Bat – a disc that fits on the potter’s wheel that enables us to easily remove our pieces after we’re done throwing them.

Bisque firing – the first of two firings. Once bisque fired, your piece is ready to glaze.

Bisqueware – pots that have undergone their first firing. Bisqueware is stronger than greenware but is still fairly fragile, so handle it gently.

Bone dry – the state of clay where all of the moisture has left and it is completely dry. It will be pale in color and it won’t feel cool when touched. Bone dry clay is very brittle so handle with care!

Centering – the process used during throwing to create an even mound of clay that is perfectly in the center of the wheel. This is a two-part process: coning up and coning down.

Coil – a long, round piece of clay, like a worm or a snake.

Cookie – a flat disc made of clay that sits underneath a piece of pottery during glaze firing. Cookies protect the kiln shelves from drips of runny glaze.

Firing – the process of heating our pieces to either prepare them for glazing (bisque firing), or to melt the glaze and vitrify the clay (glaze firing).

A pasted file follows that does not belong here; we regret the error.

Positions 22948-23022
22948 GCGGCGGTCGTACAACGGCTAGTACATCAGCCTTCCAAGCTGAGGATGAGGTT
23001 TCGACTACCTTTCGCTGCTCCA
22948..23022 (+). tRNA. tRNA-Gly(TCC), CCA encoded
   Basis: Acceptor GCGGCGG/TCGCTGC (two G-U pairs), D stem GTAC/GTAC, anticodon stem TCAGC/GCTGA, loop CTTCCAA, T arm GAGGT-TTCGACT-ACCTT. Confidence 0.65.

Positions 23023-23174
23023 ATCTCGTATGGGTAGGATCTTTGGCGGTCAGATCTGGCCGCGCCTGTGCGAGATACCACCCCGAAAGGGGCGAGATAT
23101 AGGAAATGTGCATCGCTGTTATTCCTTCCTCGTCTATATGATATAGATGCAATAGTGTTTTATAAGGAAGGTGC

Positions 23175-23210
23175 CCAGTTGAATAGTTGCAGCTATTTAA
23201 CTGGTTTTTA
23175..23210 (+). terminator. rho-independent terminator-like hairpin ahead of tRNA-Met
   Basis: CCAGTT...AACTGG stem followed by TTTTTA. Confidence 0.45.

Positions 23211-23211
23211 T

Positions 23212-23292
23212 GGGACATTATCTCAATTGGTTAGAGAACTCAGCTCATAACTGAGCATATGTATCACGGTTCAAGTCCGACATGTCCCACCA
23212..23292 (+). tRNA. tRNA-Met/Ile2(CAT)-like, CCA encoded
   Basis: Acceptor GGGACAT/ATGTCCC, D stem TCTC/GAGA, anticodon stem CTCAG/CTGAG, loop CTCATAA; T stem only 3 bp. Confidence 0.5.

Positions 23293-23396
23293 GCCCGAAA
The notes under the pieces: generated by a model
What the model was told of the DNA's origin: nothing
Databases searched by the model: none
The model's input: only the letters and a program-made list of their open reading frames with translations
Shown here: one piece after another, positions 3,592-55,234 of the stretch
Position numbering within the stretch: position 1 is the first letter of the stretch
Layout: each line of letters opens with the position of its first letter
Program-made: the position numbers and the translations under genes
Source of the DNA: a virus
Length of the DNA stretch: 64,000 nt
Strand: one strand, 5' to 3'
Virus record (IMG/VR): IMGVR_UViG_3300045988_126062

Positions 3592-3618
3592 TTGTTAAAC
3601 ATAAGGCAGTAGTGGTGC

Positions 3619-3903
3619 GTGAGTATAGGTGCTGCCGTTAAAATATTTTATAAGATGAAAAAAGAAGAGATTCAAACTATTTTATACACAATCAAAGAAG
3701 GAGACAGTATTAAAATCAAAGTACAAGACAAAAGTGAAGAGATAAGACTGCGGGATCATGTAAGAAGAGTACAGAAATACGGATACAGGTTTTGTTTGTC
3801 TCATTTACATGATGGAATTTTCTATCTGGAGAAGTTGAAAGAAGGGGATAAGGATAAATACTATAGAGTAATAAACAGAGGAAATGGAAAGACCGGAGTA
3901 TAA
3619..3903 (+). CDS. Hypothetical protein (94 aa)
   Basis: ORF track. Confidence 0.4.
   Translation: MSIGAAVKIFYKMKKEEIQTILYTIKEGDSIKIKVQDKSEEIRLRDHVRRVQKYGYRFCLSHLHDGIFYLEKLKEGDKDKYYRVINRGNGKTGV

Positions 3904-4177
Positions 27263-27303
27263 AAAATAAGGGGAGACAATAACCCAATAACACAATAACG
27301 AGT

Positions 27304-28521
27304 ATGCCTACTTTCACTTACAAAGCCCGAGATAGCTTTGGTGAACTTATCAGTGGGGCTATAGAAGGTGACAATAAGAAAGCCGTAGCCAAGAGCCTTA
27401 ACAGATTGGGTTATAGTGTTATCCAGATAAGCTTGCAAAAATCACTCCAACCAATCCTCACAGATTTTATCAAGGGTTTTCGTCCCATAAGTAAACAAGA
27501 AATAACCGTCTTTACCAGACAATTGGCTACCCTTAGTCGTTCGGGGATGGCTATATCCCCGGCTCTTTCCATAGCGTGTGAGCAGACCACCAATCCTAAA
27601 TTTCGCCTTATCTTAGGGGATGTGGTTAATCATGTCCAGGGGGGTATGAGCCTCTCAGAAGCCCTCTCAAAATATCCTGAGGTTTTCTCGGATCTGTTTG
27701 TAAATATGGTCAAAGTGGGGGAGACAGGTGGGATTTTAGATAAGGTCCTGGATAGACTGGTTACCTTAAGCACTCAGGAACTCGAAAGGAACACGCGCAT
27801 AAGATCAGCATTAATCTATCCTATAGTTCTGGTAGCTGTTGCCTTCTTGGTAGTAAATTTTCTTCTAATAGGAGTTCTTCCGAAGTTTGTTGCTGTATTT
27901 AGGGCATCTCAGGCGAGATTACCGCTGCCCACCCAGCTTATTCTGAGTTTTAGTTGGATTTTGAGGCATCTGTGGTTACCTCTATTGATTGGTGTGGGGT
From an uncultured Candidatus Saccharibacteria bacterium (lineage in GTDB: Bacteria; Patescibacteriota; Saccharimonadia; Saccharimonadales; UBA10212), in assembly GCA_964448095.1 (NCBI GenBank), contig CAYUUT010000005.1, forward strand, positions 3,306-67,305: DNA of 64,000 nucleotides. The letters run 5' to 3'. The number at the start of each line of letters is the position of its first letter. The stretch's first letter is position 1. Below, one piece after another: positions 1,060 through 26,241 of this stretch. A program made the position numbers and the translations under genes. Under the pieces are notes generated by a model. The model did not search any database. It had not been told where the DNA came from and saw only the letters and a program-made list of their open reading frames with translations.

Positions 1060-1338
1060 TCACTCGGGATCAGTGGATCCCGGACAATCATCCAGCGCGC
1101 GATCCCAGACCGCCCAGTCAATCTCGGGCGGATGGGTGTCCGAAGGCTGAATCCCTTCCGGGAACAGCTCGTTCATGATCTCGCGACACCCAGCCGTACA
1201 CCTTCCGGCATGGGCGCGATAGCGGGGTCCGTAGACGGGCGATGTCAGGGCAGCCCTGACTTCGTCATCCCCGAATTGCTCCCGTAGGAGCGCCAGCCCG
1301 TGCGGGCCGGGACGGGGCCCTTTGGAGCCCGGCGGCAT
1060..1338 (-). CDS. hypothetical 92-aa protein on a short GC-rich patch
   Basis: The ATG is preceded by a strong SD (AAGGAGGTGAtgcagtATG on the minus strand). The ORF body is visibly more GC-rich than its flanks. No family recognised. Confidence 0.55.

Greenware – pottery that has not been fired. Includes wet, leather hard, and bone dry clay. Kiln – the big oven where our pots are fired.

Leather hard – the state of clay where it has lost some of its moisture and retains its shape (more or less) when handled. Leather hard clay will feel cool to the touch.

Pinch pot – a pot/bowl that is formed by pinching a ball of clay between the thumb and forefingers.

Rib – a flat tool made of wood, metal, or rubber that can be used to smooth clay and shape pots. Ribs come in all shapes and sizes, but are often shaped like a kidney bean or the letter D.

Score – scratching a rough surface in the clay with a needle tool or serrated rib. Oftentimes when we need to attach two pieces of clay together, the best way to create a strong bond is by scoring the clay and adding slip.

Slab – a flat pad of clay.

Slip – very wet, goopy clay. Used as glue when attaching two scored pieces of clay together.

Trimming – the second step in the process of making pottery on the wheel. Involves trimming away excess clay to refine the shape and add a foot if desired. Trimming should be done when your pots are leather hard.

Wedging – the first step in preparing clay to throw. Wedging eliminates air pockets from the clay and blends wet and dry areas together to create a consistent piece of clay.